You are not required to have the answers. In fact, simply showing up to say you don't have answers but are listening and learning can model a healthy approach to difficult, nuanced, or emotionally-charged events.

    Address the political, but not the politics.

    What happened this weekend in Charlottesville was horrific, and it is easy to clearly condemn hatred and bigotry.

    Even so, though very, very few would support the extremist views on display in this instance, there are political aspects to what happened and is still happening around this and other events.

    As preachers we are called to speak boldly against evil and sin, and to promote peace, love, forgiveness and justice in the name of God.

    Our footing is less strong when we advocate particular political parties, stances, or causes.

    It is a thin but important line which we can find by asking ourselves about the things that unite us and our congregations in faith, rather than those which divide us in policy.

    Backstory Preaching offers two free, relevant resources for preachers facing the pulpit in the midst of crises and ever-changing headlines:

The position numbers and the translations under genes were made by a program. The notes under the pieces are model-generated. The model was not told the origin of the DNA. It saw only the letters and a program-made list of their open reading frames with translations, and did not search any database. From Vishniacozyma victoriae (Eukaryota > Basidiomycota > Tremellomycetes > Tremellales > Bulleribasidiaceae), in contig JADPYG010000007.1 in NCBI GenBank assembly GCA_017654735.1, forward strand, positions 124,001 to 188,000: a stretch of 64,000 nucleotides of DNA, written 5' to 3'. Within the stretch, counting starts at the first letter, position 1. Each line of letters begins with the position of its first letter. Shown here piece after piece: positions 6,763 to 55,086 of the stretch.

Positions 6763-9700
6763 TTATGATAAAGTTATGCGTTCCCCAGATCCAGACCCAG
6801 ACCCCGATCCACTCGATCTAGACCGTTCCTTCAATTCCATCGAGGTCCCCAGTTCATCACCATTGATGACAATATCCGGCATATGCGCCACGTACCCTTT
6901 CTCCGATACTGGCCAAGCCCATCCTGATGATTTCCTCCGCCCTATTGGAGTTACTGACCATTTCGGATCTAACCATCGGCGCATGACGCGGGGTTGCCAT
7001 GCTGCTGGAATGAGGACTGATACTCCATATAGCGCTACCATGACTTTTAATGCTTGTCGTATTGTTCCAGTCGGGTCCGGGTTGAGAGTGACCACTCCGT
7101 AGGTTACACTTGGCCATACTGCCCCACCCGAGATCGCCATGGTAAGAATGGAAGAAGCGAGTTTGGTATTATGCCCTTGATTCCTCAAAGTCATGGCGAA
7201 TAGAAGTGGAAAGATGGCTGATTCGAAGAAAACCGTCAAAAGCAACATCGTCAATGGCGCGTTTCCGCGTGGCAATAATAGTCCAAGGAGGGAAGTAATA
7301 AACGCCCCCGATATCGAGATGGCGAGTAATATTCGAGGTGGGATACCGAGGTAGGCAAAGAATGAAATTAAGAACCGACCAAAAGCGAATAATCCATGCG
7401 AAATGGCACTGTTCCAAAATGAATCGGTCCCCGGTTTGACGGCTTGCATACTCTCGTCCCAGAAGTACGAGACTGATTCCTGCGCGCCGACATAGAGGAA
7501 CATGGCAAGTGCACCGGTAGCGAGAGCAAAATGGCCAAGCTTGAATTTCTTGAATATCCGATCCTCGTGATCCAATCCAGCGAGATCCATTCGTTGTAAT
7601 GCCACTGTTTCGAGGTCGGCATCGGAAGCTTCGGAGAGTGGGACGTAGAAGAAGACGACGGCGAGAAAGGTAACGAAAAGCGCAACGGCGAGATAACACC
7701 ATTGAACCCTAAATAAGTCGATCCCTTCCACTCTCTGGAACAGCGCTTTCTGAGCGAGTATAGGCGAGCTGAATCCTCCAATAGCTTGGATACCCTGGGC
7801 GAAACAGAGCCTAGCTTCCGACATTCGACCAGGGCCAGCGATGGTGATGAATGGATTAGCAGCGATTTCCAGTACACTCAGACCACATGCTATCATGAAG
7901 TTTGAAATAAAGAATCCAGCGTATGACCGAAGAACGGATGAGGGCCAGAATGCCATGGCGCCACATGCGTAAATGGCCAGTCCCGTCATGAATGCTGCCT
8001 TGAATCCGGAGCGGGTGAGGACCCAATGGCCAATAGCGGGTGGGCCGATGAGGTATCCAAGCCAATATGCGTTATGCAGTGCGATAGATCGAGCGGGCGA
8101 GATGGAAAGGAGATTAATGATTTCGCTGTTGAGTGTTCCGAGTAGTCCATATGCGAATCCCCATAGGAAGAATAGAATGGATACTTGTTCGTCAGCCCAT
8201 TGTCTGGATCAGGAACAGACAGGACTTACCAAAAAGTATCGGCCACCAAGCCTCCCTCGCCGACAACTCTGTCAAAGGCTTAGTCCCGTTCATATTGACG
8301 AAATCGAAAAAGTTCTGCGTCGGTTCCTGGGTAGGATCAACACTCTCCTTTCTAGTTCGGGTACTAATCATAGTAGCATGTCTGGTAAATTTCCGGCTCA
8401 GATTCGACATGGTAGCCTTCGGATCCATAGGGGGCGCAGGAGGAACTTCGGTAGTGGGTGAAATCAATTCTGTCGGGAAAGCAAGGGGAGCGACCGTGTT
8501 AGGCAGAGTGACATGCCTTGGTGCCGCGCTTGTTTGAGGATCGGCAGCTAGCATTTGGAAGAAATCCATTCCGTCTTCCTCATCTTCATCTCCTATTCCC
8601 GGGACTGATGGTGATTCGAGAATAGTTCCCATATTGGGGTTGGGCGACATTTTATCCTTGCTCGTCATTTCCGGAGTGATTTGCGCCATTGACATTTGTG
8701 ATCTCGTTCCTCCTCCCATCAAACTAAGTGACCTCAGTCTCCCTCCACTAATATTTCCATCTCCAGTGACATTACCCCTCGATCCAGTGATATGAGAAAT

1. 6 Tips for Preaching in a Divided Culture: Use these 6 concrete sermon prep suggestions to navigate division in the culture and the pews.
    2. A Guide to Preaching on Current Events: This collection of wisdom from 25 well-respected preachers addresses if and when to preach on current events, and how to do so effectively. 

    Find the good news.

    Ultimately, what defines a sermon is Good News.

    If we have a clear message, based in Scripture, illuminating the love of God, we may only need to do a bit of adjusting to the sermon we've already written.

    In the face of tragedy, we can and should bring in hope—in resurrection, in redemption, in forgiveness, in God’s abiding strength and presence.

    Hatred and evil will never have the last word in the face of all-powerful love.

    No matter what else we say or reference in a sermon, our job as preachers is to bring this proclamation to the people.


    Cathie Caimano is an Episcopal priest and the founder of Free Range Priest. You can find more preaching and pastoral insights on her weekly blog.